To be honest, I wouldn't have expected any brewing of significance to be happening in Utah; the craft beer revolution is only a couple of decades old, after all, and as recently as 1986 there were no breweries in Utah. Nevertheless, a teetotaling Mormon majority does leave room for a beer-drinking minority. While its products aren't as likely to make it across the 49th parallel, they can be found here and there in the United States if you know where to look. That's how I was able to come across a bottle of Wasatch Beers' Polygamy Porter--"why have just one!"
I couldn't resist that kind of tagline, even if it's phrased as a question and not an imperative.
Polygamy Porter, aside from its subtle encouragement of multiple marriage, stands somewhat apart from many of the other beers I know. In large part, this is down to its alcohol content; and down is right--it's only 4% alcohol by volume, or the equivalent of eight de-alcoholized bottles, but who the hell would want to drink eight bottles of de-alcoholized beer to find out if that's a valid comparison?
Thinking about it now, this almost seems like it could be a "starter beer" of sorts. Whether I was uncapping it, pouring it, or drinking it, I didn't notice any particular smell, and what little head there was fizzed away in seconds; really, this beer could be used to prank a teetotaler, since it's dark enough that by sight it could easily be mistaken for Coke. It's an impression that would last up until the tongue's entry into the equation.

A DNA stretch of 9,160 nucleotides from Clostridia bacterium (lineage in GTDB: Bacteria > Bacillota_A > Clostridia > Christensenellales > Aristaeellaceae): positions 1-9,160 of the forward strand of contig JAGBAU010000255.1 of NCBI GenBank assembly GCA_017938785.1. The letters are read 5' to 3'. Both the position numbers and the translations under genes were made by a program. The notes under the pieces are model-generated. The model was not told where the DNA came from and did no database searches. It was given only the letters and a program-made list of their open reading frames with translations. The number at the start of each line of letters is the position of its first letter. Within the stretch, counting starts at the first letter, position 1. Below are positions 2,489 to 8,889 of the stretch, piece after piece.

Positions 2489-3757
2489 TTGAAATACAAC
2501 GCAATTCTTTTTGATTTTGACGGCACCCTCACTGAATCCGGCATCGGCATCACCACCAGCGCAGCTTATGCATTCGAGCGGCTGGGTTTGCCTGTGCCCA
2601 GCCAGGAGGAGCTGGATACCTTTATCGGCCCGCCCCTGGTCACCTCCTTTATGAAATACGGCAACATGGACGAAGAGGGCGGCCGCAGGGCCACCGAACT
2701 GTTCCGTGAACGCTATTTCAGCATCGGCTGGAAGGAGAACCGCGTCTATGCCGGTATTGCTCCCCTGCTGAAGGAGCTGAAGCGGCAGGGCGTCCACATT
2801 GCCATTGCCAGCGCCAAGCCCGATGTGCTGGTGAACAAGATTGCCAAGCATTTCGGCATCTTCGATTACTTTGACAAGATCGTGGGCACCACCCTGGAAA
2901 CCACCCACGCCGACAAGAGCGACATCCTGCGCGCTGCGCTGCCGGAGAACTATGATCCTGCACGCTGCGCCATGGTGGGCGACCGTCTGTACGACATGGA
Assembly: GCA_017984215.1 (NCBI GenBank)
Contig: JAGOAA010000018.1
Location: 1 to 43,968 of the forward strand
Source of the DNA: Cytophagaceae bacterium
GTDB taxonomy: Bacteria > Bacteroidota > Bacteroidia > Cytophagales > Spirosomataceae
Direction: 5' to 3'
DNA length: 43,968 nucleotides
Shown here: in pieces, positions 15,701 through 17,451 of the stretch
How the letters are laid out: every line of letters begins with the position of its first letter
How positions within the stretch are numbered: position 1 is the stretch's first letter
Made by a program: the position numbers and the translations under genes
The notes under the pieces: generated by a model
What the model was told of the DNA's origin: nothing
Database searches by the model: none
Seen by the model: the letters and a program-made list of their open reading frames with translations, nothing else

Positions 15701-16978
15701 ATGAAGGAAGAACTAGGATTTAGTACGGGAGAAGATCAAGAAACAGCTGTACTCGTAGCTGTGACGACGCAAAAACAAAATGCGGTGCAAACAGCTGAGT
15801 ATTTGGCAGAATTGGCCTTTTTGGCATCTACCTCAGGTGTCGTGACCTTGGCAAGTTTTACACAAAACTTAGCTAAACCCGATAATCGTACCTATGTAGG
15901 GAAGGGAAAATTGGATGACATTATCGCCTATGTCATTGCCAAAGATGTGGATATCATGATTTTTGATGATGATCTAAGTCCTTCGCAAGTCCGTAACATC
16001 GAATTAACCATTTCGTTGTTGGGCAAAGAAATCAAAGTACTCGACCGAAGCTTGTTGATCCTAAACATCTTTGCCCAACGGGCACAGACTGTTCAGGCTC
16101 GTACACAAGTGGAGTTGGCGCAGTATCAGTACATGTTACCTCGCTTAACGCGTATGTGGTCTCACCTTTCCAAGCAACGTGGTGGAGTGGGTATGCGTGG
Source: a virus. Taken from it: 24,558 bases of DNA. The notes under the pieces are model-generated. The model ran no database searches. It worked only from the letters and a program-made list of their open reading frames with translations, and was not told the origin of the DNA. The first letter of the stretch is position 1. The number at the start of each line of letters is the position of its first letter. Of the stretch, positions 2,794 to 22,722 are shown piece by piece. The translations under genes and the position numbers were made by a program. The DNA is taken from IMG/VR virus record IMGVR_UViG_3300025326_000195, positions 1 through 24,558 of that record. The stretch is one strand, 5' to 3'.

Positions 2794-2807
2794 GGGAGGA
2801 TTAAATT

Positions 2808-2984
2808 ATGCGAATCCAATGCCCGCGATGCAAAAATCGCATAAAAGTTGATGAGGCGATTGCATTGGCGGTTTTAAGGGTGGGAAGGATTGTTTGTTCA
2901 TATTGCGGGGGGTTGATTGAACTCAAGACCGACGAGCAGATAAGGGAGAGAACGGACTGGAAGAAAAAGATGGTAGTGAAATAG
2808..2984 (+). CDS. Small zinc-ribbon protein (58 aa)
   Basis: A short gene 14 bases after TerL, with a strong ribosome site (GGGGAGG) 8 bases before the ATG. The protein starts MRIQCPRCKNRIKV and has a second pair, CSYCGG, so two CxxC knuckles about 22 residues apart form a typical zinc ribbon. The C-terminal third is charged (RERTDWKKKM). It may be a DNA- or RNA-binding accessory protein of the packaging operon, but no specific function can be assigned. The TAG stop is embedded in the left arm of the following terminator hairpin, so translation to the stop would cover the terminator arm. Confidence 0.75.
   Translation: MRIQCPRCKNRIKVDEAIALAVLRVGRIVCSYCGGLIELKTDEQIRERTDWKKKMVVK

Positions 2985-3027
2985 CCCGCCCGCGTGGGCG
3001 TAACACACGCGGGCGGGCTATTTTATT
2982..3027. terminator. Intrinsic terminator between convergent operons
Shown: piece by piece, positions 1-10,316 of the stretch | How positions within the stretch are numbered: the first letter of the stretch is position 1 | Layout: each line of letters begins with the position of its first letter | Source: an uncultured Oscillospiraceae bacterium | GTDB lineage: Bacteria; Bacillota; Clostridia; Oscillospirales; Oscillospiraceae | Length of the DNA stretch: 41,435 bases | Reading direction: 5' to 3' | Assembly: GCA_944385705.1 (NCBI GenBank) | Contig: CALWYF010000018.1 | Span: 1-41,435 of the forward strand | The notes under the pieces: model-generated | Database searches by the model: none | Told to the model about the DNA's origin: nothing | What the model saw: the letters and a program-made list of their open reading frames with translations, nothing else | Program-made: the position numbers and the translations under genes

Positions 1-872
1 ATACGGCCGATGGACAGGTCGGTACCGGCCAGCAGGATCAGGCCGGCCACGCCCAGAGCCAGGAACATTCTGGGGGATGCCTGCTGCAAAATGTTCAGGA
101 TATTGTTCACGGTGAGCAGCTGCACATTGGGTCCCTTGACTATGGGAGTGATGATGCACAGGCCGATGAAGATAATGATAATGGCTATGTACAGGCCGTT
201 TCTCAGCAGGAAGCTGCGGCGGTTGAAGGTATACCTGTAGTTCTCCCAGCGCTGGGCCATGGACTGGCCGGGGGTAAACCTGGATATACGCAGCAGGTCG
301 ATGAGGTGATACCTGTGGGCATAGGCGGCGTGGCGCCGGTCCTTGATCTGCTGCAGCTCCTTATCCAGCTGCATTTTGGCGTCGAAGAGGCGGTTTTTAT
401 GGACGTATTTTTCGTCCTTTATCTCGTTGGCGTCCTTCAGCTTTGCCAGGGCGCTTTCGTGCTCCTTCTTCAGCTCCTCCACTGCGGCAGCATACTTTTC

My tongue had a few things to report, things that I wasn't expecting. This beer starts off with a fairly ordinary, slightly woody taste with hints of dark chocolate in the background, though this recedes rather quickly. What I found much more defining was what the label refers to as a "silky" finish. It kicks in after a few seconds--at first it seemed slightly spicy, in the tradition of Route des épices, but that was because my taste buds were improperly calibrated. On second taste the finish was firmly salty--not nearly so much as Japanese Classic Ale, but enough to focus your attention--which is, honestly, pretty appropriate for a Utahn beer.
In the end, while I found Polygamy Porter cool and smooth with an unexpected twist, it's still rather unremarkable. It's not the sort of brew I would go out of my way to find, personally. Still, according to the label it's won two silver medals in beer competitions, so it must be doing something right.
ANDREW'S RATING: 2.5/5
Previous Quaff Reviews
- #24: Voodoo Doughnut Bacon Maple Ale
- #23: Secession Cascadian Dark Ale
- #22: Asahi Black
- #21: Howe Sound Rail Ale
- #20: Olympia
- #19: Eel River Açaí Berry Wheat Ale
- #18: Bah Humbug
- #17: KLB Raspberry Wheat Beer
- #16: Mana Energy Potion
- #15: HE'BREW Messiah Bold
- #14: Mackinac Pale Ale
- #13: Ola Dubh Special Reserve 40
- #12: Hitachino Nest Japanese Classic Ale
- #11: La Loubécoise
- #10: Summer Honey Seasonal Ale
- #9: Earthquake High Gravity Lager
- #8: Route des épices
- #7: Sparks Plus
- #6: Hurricane High Gravity Lager
- #5: L'Indépendante
- #4: Antigravity Light Ale
- #3: Nektar
- #2: Innis & Gunn Original
- #1: Abbey Belgian Spiced Ale